A very good side until September 2020.

The post-lockdown switch back to a defensive 3 has confused me. I can understand the reasons for it. The reasons for it would be that England are short on decent midfielders so a 3-4-3 allows you to only have to play 2 whilst maintaining a solid and progressive shape rather than 4-4-2. 

Another reason would be that it allows Conor Coady to start who effectively plays as a defensive midfielder in possession – if you play the system properly – which England haven’t done yet. A further benefit would be the ability to accommodate England’s plethora of right-backs. Trippier being the back-up to Chilwell, Walker playing in the back 3, Alexander-Arnold and James competing for the wing-back spot.

However, it has led to a disjointed and awkward system that limits our strengths and exaggerates our weaknesses. The whole team has simply been way too deep and if you naturally have less players further up the pitch then you can get stuck in possession. 

Another reason for its failure to work would be the personnel selected. Henderson alongside somebody like Bellingham or even Foden would make so much more sense than Phillips and Rice. This isn’t a criticism of Phillips or Rice, they just simply aren’t needed in this system and actually contribute to the exaggeration of the flaws. 

A similar issue has occurred at Bolton this season with the deep-lying midfielder/playmaker being unable to find the correct pockets of space to build the play up if they are in front of a back 3. This is why it is Phillips or Coady – not both. 

Going forward, two attacking midfielders can work if the wing-backs are higher. If the wing-backs are deeper you need a quicker winger up alongside Kane. The preference would probably be Grealish with Sterling against weaker opposition and Rashford or Sancho with Sterling against stronger sides for counter-attacking purposes.

Personally, I think England would trouble and out score most sides, if not all, in Europe with the 4-3-3. If the concern is a lack of genuine midfielders then hopefully the emergence of Bellingham would help that. My argument against this would also be that Liverpool don’t necessarily have a world-class, Premier League XI midfielder but their sacrifice and balance offers more. A balance of Henderson – Rice – Foden against better sides or Bellingham – Henderson – Foden against weaker sides would surely be enough.

The idea of the 3-4-3 doesn’t necessarily convince me but I can understand it. The fact he’s done it after two to three years of consistent progression and almost sacrificed and ripped up such a prolific style just baffles me.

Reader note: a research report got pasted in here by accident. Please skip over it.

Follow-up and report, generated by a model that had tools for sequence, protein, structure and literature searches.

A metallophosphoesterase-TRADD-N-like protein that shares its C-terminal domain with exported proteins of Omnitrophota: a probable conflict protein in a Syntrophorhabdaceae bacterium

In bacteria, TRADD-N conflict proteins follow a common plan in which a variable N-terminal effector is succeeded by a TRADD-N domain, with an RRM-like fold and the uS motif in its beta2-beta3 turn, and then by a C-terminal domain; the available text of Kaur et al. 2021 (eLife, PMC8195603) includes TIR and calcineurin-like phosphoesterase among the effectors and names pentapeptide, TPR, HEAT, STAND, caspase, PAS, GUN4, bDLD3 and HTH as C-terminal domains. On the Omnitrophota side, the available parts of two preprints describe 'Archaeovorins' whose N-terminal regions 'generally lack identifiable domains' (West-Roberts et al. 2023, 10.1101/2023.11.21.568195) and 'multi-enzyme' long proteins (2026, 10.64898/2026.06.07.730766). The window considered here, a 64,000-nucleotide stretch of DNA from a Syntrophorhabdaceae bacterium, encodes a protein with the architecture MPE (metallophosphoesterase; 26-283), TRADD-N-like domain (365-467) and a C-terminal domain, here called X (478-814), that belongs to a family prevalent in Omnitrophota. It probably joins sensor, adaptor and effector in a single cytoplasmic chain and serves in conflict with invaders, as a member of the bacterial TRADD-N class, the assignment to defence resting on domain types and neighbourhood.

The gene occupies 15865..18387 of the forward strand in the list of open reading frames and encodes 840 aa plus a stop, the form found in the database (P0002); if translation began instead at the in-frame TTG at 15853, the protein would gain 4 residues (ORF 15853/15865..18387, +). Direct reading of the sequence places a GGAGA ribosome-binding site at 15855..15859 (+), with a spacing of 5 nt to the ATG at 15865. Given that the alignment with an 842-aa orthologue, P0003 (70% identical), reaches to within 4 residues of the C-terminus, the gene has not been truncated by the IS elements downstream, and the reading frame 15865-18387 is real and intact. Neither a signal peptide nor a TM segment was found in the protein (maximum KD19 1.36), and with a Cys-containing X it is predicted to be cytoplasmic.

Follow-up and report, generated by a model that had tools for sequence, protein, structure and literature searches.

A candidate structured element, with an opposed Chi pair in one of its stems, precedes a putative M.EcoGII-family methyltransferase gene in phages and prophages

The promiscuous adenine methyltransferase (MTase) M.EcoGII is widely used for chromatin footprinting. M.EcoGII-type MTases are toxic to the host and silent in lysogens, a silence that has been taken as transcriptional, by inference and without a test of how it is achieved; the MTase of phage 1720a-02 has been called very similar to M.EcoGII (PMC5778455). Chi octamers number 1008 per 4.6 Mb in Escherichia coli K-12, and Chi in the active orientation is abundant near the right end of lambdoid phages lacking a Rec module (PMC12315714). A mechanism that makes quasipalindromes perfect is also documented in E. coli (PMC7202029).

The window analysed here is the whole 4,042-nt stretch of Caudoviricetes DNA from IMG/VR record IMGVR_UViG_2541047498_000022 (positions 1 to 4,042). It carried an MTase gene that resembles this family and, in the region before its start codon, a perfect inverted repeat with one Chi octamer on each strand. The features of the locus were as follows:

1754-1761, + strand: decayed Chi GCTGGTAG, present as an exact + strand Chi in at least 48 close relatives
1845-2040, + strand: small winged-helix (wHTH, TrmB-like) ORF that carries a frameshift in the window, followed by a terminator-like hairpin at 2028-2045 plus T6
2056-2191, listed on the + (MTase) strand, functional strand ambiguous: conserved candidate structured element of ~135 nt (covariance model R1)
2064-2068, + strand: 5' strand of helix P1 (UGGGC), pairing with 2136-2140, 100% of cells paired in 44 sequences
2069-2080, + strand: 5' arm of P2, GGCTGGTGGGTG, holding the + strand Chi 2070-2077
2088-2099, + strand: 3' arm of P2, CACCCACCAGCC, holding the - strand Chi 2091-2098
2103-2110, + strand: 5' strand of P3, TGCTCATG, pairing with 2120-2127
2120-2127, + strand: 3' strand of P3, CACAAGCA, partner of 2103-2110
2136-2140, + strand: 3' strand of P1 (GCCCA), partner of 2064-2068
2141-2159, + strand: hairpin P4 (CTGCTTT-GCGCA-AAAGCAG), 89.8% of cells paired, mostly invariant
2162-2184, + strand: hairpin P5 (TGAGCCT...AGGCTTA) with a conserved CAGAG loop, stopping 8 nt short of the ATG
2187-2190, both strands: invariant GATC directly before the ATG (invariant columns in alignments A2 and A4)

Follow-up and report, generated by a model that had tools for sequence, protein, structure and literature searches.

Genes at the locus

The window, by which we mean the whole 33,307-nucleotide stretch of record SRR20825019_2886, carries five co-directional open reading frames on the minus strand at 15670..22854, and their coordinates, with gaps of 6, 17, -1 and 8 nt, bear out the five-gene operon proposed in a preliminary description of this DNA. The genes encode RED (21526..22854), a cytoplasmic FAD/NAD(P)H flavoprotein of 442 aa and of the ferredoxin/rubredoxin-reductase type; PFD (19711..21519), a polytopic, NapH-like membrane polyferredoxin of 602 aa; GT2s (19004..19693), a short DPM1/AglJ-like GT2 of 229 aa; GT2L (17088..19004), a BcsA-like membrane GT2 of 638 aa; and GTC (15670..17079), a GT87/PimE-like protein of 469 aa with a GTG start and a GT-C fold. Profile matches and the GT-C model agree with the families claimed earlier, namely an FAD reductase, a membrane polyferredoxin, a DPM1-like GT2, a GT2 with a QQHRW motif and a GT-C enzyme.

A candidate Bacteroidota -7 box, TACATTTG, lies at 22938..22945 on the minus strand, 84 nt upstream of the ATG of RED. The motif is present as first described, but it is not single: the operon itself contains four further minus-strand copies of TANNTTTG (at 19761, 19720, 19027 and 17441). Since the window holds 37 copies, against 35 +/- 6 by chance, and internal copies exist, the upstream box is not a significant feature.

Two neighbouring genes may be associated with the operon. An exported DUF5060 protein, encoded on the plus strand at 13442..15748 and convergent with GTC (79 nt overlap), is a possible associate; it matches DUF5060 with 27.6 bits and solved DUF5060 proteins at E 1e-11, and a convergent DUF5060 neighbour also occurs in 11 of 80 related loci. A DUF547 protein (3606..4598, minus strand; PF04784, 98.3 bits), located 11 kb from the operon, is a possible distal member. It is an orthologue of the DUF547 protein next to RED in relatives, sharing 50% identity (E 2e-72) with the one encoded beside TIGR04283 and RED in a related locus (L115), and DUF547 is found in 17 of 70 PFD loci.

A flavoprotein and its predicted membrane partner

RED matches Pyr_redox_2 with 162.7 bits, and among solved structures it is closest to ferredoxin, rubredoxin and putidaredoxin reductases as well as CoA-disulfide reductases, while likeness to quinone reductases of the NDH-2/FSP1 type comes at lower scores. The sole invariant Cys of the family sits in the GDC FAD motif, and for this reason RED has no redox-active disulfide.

There are criticisms that can be levelled at the England manager. The way they are levelled are simply disgraceful.

Leading journalists and highly interacted with social media accounts benefit from aggressive, confrontational and reactionary ideas that benefit nobody bar themselves. Do not fall for the trap; it doesn’t benefit you, it doesn’t benefit England.

Debate, acknowledge both sides, get angry, be confused – dismissal of ideas and opinions based on the fact England aren’t 4-0 up inside 60 minutes in every game is not only nonsensical, it‘s just a bit weird.

The urge for change and the belief that everyone bar the England manager knows best but failure to offer reasonable alternatives is the English arrogance that does nothing but over-inflate the ego of those espousing the ideas.

The influence of media expectation as a reason for English failure has always been over played. England simply haven’t been good enough or they haven’t been well organised enough to deal with anything on or off the pitch; mainly on it.

Southgate’s reign hasn’t been perfect but it’s been undoubtedly heaps better than most if not all since the famed era of Ramsey. Yes, I include Bobby Robson. A World Cup semi-final doesn’t completely gloss over three defeats from three at one Euros as well as a failure to qualify for another Euros – imagine if Southgate had done that. 

Whenever he’s made a big call in personnel or system, he’s tended to be correct. The lack of trust in him is disrespectful and quite puzzling. 

This isn’t necessarily even a pro-Southgate piece, by the way, as I acknowledge the fact the recent run of form (P7 W4 D1 L2) alongside performances has been poor. There is genuine cause for debate about some needless and odd press conferences he has given about Mount and Grealish as well as the potentially self-defeating switch in system.

This is a piece on print, social and new media being influenced by a desire to be acknowledged. The lack of nuance, knowledge and research is startling as well as quite sad. 

It helps to perpetuate a society and industry in which a footballer buying a big house on a big salary is newsworthy whilst his work to feed children is subject to negative opinion pieces rather than just an objective reporting of it.

People who cannot afford Sky so can’t watch England in the Nations League are given an ill thought through, poorly judged and overly critical view to inform how they should think about things. Considered and constructive analysis is pushed to the side.

It spreads like a disease and it isn’t healthy nor helpful.